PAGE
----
French people

Macron commemorates the murder of Algerian demonstrators by the Paris police in 1961


But in a statement released shortly after the ceremony, Mr. Macron’s office failed to do so, instead holding the Paris police accountable and refraining from characterizing the killings as a massacre.

“The crimes committed that night under the authority of Maurice Papon are inexcusable for the Republic”, one can read in the press release, referring to the Paris police prefect who ordered the suppression of the demonstration.

Mr. Macron’s presence at the commemorations comes amid a tense political context ahead of next year’s presidential election: the country’s colonial past in Algeria is a trauma that continues to haunt and shape France, along with nostalgia on the right and the resentment of the large Muslim population.

And they take place against a backdrop of diplomatic tensions between France and Algeria. The Algerian government recently recalled its ambassador after Mr. Macron questioned the existence of an Algerian nation before French colonization and accused Algerian leaders of “rewriting” their country’s history on the basis of a “Hatred of France”.

It was during the Algerian War of Independence on the other side of the Mediterranean that the police killings of Parisian demonstrators took place.

On October 17, 1961, as the eight-year conflict drew to a close, fighters from the Algerian National Liberation Front called on Algerians in Paris to organize a peaceful march to protest the nighttime curfew imposed on them after a wave of murderous violence. attacks on French police officers.

About 20,000 to 30,000 people showed up and the police crushed the march before it could even begin. They arrested 12,000 demonstrators, beat some to death and shot or threw others in the Seine, where they drowned.

For several weeks, unidentified corpses were found along the banks of the river.

In addition to the dozens killed that night, many more were victims of police raids and violence that began in September and continued for several days after planned protests. During this period, historians estimate that the total death toll was 100 to 200 people.

Fabrice Riceputi, an Algerian war historian who wrote on the killings, described the events of October 17 as “a peak in a period of state terror being inflicted on the colonized people”.

But for decades, the French state maintained that the official death toll was only three.

It was only in the 1990s, after the groundbreaking work of French historian Jean-Luc Einaudi, that the extent of police action began to be revealed. His findings were made public in a trial in which it was also revealed that Mr Papon, the police chief, had participated in the deportation of more than 1,600 Jews during World War II.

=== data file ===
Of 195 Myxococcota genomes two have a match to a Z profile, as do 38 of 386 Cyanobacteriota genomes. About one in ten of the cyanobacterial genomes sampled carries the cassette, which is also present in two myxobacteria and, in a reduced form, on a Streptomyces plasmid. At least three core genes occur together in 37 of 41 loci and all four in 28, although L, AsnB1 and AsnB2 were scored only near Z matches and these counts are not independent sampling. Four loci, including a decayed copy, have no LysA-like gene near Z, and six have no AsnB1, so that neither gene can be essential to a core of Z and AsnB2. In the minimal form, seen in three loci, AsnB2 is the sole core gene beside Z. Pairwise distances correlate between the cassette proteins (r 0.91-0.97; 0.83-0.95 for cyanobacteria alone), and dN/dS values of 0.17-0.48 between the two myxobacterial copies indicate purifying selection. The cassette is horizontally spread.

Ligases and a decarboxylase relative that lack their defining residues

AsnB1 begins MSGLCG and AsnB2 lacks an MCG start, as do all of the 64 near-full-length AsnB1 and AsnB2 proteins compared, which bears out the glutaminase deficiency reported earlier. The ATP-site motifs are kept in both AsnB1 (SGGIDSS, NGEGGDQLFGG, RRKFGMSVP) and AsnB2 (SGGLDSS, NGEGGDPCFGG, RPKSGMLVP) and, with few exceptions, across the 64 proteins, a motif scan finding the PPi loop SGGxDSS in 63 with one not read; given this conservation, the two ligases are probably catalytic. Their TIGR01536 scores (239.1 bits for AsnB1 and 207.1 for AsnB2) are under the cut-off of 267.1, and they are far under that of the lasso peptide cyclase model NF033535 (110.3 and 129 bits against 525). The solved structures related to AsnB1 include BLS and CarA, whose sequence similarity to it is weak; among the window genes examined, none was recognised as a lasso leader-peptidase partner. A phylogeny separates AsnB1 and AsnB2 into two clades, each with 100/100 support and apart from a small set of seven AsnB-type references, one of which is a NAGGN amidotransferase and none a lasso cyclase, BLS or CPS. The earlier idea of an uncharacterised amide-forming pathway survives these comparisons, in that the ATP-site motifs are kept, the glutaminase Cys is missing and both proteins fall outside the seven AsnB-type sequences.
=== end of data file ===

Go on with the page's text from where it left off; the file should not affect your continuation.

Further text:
“From the start, the government has imposed silence,” Riceputi said, adding that he had blocked calls for the creation of a parliamentary commission to investigate the murders, civil cases filed by Algerians demanding justice and access to key archival documents.

But silence was also more widespread: French media largely ignored the events, as did the country’s left-wing political opposition and the government of newly independent Algeria.

Mr Macron’s office statement on Saturday acknowledged this. “This tragedy has long been silent, denied or hidden,” one reads, describing the killings as “brutal, violent and bloody”.

Since becoming president in 2017, Mr. Macron has sought to heal memories of French colonization in Algeria and remedy the lingering effects of the Algerian war.

But recognizing the role of the police in the 1961 massacre also risks sparking explosive debates on police violence and racism in France. High-profile cases of officer behavior such as beating a black radio producer and carrying out discriminatory police checks in recent years have sparked outrage and widespread protests.

The timing of Saturday’s commemoration, occurring the year before a presidential election, was also a factor for Mr Macron. France’s current political climate is dominated by issues of security and cultural identity, and Mr Macron has attempted to appeal to conservative voters who have often been reluctant to make amends for the nation’s colonial past.

In January, his office said there would be “no remorse or apology” for France’s occupation of Algeria.

And last month he asked for “forgiveness” for the abandonment of the Harkis, Algerians who fought for France during the war and often showed strong support for Marine Le Pen, the leader of the French far right. , who is a serious challenger to Mr. Macron. in the election.

During Saturday’s ceremony, Mr. Macron observed a minute of silence and laid a wreath near the Seine where police in 1961 threw several demonstrators.